VCU police focus on area patrol, off-campus activity

Catherine Leth
Contributing Writer
The VCU Police Department has seen an increase in the number of drug-related arrests occurring on campus this fall. By mid-Sept. last year, 11 arrests had been made — approximately half of this year’s 25 total charges. Under the direction of new Police Chief John Venuti, VCU patrolling officers have adjusted their routes to better cover the campus areas.
“We’re really, really looking at how we deploy the police officers,” said Venuti. “ I’m deploying them into the areas where we have problems and issues –that may account for what looks like a little uptick.”
The numbers of arrests being made in the residence halls has also increased. In 2009, only one student had been detained before Sept. 16. This semester eight students, many of them freshmen, have been charged.
“They don’t know the boundaries yet; the semester’s only been going for a month. You got to understand that just because your parents aren’t around, doesn’t mean you aren’t being watched,” said senior and history major Evan Naeher.
The VCU Police Department is working closely with Richmond Police in order to focus on students’ off-campus activity as well. Together they operate the Party Patrol program, which allows citizens to phone in and report loud activities in neighborhoods surrounding the Monroe Park campus, outside of university police jurisdiction.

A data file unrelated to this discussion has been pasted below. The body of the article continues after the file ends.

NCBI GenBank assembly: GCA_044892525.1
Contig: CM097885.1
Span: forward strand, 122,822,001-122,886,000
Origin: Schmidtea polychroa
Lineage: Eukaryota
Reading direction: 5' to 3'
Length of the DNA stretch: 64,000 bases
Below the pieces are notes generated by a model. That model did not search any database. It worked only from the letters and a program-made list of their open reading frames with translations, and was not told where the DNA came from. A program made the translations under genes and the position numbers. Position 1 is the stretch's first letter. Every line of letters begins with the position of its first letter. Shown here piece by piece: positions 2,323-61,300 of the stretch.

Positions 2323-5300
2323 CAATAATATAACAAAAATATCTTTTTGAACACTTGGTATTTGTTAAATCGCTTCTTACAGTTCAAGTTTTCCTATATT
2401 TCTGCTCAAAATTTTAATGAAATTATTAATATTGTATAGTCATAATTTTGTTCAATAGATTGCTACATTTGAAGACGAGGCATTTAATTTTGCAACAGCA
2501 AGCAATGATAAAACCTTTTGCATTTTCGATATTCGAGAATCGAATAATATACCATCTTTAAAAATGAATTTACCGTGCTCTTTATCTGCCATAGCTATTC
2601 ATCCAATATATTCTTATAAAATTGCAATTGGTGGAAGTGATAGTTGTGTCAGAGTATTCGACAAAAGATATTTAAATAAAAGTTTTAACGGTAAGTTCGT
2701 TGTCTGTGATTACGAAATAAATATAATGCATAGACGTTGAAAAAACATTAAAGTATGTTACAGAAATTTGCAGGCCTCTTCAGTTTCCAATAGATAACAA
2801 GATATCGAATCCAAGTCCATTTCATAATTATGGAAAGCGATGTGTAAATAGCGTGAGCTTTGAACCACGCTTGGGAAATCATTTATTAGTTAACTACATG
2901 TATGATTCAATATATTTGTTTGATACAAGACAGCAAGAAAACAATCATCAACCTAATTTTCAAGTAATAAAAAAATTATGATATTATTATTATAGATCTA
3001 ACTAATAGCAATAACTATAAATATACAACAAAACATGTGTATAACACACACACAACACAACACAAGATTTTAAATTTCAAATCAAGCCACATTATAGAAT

Whenever a Richmond officer arrests a student, the incident is reported to VCU officials who can take administrative action via the Office of Judicial Affairs.
“For instance the student is put on probation with the university, meaning they’re still in good standing but if they were to have any other sort of violation they could risk that standing,” said Dean of Student Affairs Reuban Rodriguez. “We treat each incident separately and individually so if there’s something particularly egregious it could range all the way up to being expelled.”
According to Venuti, the VCU Police Department has maintained a clear drug and alcohol policy while reaching out to students, communicating with them in order to prevent future arrests.
“I’ve spoken to all of the fraternity presidents and vice presidents, I’ve spoken with all of athletics, a lot of the different groups, and the message is that if you are having a party or having a lot of people over, it’s your responsibility to control the incident,” he said. “It’s important for students to be good neighbors.”
The number of alcohol-related arrests on the VCU campuses and in residence halls appears to be stable. Before Sept. 16, four individuals living on campus were arrested in their buildings this and last year. The number of charges filed outside of the dorms has decreased slightly. By this point in the fall 2009 semester, 34 students had been arrested for alcohol-related incidents, compared to this year’s 30 total occurrences.

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